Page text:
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I-Go


Yamamoto and other officers watch launching of I-Go

Agawa (1979). Via Wikimedia Commons

I-Go (or "I" Operation) was an air offensive conducted by Yamamoto in the South Pacific in April and May 1943. The objective of I-Go was to disrupt the Allied buildup in New Guinea and the Solomon Islands to buy time to build up the defenses of the Bismarcks

Following the Japanese defeat at Guadalcanal, Imperial General Headquarters reconsidered the Japanese strategic position, and on 15 March 1943 issued  the "Joing Army-Navy Central Agreement on Southeast Area Operations." This called for the establishment of "a superiorand impregnable strategic position" (quoted in Gamble 2010) and implicitly acknowledged the end of the Second Operational Phase in favor of a defensive strategy. The only offensive action called for in the document was a limited aerial counterattack against the Solomon Islands. The Imperial Navy air forces were to engage in "aerial supremacy combat, interception of enemy transportation, interception of enemy aircraft, ground support, and covering lines of communications and supplies" (Gamble 2010).

The decision to carry out I-Go was made by 25 March 1943. Both Guadalcanal and Papua New Guinea were designated as target areas. Yamamoto's force consisted of 86 fighters, 27 dive bombers, 72 medium bombers, and a handful of torpedo bombers from 11 Air Fleet. These were supplemented with 96 fighters, 65 dive bombers, and a few torpedo planes stripped from carriers Zuikaku, Zuiho, Junyo, and Hiyo. These were based at Rabaul and its outlying fields at Buka, Kahili and Ballale.

The first phase of I-Go began on 1 April 1943 with a preliminary fighter sweep against Guadalcanal. Allied intelligence had detected the buildup of aircraft and the fighter sweep by 58 A6M Zeros was intercepted  near the Russell Islands by 42 American fighters, mostly F4F Wildcats with a handful each of P-38 Lightnings and F4U Corsairs. The Japanese claimed to have shot down 47 American fighters, more than the number actually engaged, while the Americans claimed 18 Zeros. Actual losses were nine Zeros and six American aircraft, with three of the American pilots recovered. On 7 April 1943 the Japanese launched "Attack X", an enormous raid by 67 D3A Vals escorted by 110 Zeros that was opposed by 76 Allied fighters: 36 F4F Wildcats, 9 F4U Corsairs, 6 P-40 Warhawks, 12 P-38 Lightnings and 13 P-39 Airacobras. At 1400 Guadalcanal broadcast "Condition Red" followed shortly thereafter by an unprecedented and highly irregular "Condition Very Red." The Japanese claimed 41 American aircraft shot down and the American claimed 26 Zeroes and 13 Vals. Actual losses were 12 Zeroes and 9 Vals for the Japanese and 7 Wildcats for the Americans, with all the American plots recovered.  A number of Vals leaked through the Allied defenses, and the Japanese pilots claimed twelve ships sunk and two heavily damaged. Actual Allied shipping losses were a destroyer, a corvette, and a tanker.

On 11 April 1943 the second phase of I-Go, the attack on New Guinea, began. "Attack Operation Y" opened at 1220 with some 22 Vals and 72 Zeros attacking shipping at Oro Bay, near Buna. They were met by fifty Allied fighters from Dobodura that shot down six Japanese aircraft without loss. However, a cargo ship was sunk, another crippled, and a minesweeper damaged.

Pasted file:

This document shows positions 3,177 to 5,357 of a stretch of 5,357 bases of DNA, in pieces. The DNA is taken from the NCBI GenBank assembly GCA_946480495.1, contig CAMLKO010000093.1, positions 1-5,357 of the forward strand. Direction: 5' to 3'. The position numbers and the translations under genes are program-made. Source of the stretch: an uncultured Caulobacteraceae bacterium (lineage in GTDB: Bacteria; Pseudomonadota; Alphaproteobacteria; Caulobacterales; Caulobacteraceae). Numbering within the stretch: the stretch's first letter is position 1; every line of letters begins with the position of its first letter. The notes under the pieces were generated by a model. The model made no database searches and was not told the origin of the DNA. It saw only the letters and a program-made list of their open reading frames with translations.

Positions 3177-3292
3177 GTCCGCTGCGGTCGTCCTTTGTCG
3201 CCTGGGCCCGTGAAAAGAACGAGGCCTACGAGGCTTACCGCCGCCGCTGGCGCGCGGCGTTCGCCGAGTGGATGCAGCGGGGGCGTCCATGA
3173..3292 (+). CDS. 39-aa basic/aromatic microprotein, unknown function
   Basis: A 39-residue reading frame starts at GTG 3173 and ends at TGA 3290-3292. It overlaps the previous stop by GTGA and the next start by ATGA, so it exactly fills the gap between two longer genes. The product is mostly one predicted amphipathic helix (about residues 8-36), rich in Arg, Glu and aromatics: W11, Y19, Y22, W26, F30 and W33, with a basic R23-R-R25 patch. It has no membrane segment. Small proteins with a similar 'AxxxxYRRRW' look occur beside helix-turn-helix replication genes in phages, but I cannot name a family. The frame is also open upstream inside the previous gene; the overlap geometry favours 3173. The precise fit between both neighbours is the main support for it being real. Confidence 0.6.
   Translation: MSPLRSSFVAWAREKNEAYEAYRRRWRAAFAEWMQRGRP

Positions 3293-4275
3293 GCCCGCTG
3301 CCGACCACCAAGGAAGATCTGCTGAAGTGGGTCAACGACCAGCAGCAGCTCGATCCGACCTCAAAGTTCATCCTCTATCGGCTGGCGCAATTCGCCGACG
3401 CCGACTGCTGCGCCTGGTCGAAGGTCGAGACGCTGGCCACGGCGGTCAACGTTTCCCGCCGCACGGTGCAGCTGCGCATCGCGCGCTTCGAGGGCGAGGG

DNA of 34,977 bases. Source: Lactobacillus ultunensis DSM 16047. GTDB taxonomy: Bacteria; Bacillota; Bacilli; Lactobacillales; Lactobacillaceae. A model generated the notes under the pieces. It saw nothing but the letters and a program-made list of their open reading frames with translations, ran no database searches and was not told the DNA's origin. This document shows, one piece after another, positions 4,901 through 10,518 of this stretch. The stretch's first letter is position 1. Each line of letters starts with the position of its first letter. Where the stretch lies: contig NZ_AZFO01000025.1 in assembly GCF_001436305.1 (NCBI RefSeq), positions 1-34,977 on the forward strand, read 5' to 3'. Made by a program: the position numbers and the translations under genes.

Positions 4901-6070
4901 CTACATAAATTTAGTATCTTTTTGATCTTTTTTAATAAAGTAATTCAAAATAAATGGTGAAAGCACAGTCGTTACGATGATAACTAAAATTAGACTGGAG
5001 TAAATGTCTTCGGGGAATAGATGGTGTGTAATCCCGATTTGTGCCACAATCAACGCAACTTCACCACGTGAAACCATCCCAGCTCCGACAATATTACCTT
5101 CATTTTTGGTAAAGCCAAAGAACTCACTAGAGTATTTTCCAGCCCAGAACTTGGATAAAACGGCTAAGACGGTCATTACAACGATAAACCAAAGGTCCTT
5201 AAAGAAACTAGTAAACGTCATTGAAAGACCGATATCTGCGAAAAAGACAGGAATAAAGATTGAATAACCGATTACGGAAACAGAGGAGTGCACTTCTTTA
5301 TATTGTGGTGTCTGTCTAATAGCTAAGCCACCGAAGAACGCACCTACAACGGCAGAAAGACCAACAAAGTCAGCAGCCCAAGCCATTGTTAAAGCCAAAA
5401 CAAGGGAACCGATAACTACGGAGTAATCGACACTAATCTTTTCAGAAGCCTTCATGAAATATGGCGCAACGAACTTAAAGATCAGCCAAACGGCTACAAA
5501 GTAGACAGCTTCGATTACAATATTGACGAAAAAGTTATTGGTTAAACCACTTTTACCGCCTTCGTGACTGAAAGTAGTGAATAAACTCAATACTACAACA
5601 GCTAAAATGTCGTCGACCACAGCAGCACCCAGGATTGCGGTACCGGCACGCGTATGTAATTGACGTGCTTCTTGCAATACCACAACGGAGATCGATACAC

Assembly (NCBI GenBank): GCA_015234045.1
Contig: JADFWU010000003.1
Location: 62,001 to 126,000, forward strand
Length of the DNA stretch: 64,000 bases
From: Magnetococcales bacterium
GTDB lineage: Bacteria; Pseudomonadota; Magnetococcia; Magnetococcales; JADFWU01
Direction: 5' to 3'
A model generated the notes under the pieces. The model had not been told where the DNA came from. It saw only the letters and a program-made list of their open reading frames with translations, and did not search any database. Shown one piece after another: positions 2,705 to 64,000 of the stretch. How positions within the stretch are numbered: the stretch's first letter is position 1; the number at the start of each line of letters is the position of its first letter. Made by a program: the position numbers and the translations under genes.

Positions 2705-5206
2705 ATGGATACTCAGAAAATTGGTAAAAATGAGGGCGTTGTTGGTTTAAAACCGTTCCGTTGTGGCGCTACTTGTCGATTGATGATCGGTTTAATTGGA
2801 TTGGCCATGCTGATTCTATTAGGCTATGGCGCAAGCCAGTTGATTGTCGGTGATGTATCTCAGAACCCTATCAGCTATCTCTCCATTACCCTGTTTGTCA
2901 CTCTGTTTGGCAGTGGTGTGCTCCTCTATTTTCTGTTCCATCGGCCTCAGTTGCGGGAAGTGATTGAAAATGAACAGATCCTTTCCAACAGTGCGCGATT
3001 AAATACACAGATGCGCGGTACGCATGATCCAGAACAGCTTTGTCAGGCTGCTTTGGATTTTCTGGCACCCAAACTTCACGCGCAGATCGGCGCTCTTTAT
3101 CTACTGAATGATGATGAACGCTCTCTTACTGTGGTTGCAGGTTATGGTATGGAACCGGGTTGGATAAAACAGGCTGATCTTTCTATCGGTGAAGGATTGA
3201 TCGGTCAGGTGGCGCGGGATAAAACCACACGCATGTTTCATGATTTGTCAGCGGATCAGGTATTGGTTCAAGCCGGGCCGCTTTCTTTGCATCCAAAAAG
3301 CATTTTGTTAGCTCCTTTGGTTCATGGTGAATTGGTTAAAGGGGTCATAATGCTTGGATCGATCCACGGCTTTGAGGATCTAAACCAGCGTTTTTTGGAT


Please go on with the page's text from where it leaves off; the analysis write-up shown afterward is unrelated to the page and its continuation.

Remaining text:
On 12 April 1943 the Japanese mounted the largest air raid yet on Port Moresby. A force of 131 fighters and 43 medium bombers struck Port Moresby. These were opposed by 44 Allied fighters that were briefly diverted by a feint towards Milne Bay, which was assisted by glitches in the Allied radar coverage.  As a result, the Japanese bombers were able to slip through. However, the Japanese failed to concentrate their attacks on the best targets, and succeeded only in damaging a few small craft and destroying four aircraft on the airfields. Ten Japanese aircraft were lost, either shot down or crashing on attempting to land back at their bases.

On 14 April 1943 the Japanese struck Milne Bay with 188 aircraft. This was opposed by just 24 Kittyhawks and the Japanese sank a cargo ship and damaged another. Eight Japanese aircraft were lost for three Allied aircraft.

The operation was ordered halted on 16 April 1943 when Yamamoto ordered the carrier air groups back to their carriers. Japanese claims were greatly exaggerated: a cruiser, two destroyers, and 25 transports and 175 aircraft shot down. Actual Allied losses were a destroyer, a tanker, a corvette, two cargo ships, and 25 aircraft. Though believing the operation a great success, the Japanese were beginning to be alarmed by their own losses: 26 percent of the Vals and 18 percent of the Bettys had already been expended. Yamamoto's decision to employ carrier air groups from land bases has been heavily criticized as a waste of the highly trained aircrew, whose carrier landing skills were irreplaceable. The actual results achieved hardly justified the diversion of so many resources.

The exaggerated claims of success prompted Yamamoto to visit the forward air bases to personally congratulate the air crew. However, Yamamoto's itinerary was broadcast in a code the Allies were able to penetrate, and his aircraft was intercepted and shot down on 18 April 1943. None of the passengers and crew of Yamamoto's aircraft survived. 

The "Big Raid". Another series of raids began on 7 June 1943. On that day and on 12 June, Japanese aircraft raided Guadalcanal but again failed to achieve decisive results. On 16 June came a much larger raid by over 100 aircraft. Two Allied ships were forced to beach and six Allied fighters were shot down, but the Allies claimed 98 Japanese aircraft destroyed, and the Japanese admitted the loss of about 30 aircraft.

References

Gamble (2010)

Miller (1959)

Morison (1950)


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